I’d like to challenge the notion that HIV is  a social issue worth addressing and propose that the church is the perfect place to do so. It’s clear that the majority of  Black women use  their  faith as a strength regardless of  denomination.  So, it stands that women who are carrying the HIV virus may be in your pew on Sunday morning. While we don’t expect teachings about sexuality to change, we also must acknowledge the risk  Black women  place themselves in when sleeping with men without protection, without regard for their self-esteem or physical health.

Questions to think about:

  • Would you willingly get tested in a church setting for  HIV instead of going to a clinic?
  • Would you support your church creating a ministry devoted to those who suffer with HIV but are thriving in spite of the disease?
  • Would you have compassion for someone with HIV just the same as a member with cancer?
  • While your pastor, spiritual leader  may not agree with risky sexual behaviors (as he shouldn’t),  would he consider tailoring sermons to teach the need for “knowing your status?” as a part of honoring the body God gave you?

Bravo to the  churches who are getting involved and tackling the heavy topic of HIV and not shrinking from the stigma that sex shouldn’t be discussed in church. If you’re a woman of faith, you may sit next to a  member who is HIV positive. They may have even contracted it from another member sitting in another pew. Married couples are at risk if there is an issue of  monogamy. It’s risky to connect the two topics of sexuality with spirituality but I’d rather have folk uncomfortable for an hour or so than living with a disease that will change the course of their lives. And if risky sexual behaviors is a constant for Black women, perhaps there needs to be more  talk why the  faith we cling so heavily too for our hopes and dreams, fades away when sex comes into the picture.  

Your thoughts?

Growing Up Means I’ve Outgrown That


1st Corinthians 13:11 When I was a child, I talked like a child, I thought like a child, I reasoned like a child. When I became a man, I put childish ways behind me.

We all have friends that we used to run with in high school, college, and even our first job. We probably ran the streets with them, did some things we might be ashamed to admit to our current boss or our significant other. As we get older, it’s absolutely normal for a person to change their priorities and focus. It’s called growing up.   People get involved in relationships, marry, have kids (or not)  or get highly involved in their career and academic exploits. So it was odd to hear a friend complaining that an old college buddy didn’t party like he used to. Like in college? Like when his reputation in the business world didn’t matter? Or when he didn’t have enough sense to know what he did in his personal life mattered? Hmmmm…..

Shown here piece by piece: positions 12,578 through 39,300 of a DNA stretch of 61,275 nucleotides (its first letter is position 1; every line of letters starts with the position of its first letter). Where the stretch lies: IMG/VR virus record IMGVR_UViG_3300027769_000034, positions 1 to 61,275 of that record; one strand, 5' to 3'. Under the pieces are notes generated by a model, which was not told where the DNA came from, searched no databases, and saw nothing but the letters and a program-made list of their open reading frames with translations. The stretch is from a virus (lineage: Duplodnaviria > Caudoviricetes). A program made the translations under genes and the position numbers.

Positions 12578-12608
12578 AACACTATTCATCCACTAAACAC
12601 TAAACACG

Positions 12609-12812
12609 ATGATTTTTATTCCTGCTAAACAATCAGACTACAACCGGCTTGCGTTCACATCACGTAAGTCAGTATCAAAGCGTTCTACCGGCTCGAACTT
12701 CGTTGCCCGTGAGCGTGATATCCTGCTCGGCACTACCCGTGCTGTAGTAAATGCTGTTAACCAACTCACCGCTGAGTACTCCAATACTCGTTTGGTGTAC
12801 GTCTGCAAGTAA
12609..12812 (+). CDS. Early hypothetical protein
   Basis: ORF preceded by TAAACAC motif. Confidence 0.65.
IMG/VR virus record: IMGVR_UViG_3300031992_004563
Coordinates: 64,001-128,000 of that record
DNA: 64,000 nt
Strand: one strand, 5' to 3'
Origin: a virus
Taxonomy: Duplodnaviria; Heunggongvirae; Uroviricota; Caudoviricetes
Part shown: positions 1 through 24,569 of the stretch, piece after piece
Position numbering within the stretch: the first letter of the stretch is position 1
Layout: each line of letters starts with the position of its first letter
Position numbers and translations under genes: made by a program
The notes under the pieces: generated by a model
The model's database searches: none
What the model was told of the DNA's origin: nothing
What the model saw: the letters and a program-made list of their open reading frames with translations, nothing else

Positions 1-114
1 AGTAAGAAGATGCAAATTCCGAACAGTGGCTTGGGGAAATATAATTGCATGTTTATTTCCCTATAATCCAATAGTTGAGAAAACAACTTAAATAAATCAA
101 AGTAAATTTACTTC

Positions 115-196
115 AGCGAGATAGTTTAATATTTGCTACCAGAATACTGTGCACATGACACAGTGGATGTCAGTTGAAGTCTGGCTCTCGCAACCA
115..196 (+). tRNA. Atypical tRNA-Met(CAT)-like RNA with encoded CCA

I don’t know about that one. I feel like when we grow up, we also grow out of some of the things we used to do. For example, you might stop trying to impress people with how much liquor you can throw back or how many men/women you claim to be sleeping with. You may decide you want a family or a committed relationship and cut out all the one-night stands. Or you may decide your circle of friends who support you as long as you aren’t trying to do anything needs to be  cut. You finally figured out that you need friends who will challenge you and help you grow.

I’m at the point where I  don’t want anyone who isn’t trying to improve their life around me. I said trying because  if you are making the effort, you are at bare minimum taking baby steps and will eventually  learn how to make it happen. So, if it’s really that important to have a hot party, maybe throw it yourself? Or let go of the past and realize, as we get older, we don’t always do what we CAN because we now it’s  no longer beneficial.  FYI, it cost a lot of money to impress people who don’t care about you.  So once you figure that out, you stop.  Sounds like someone’s growing up.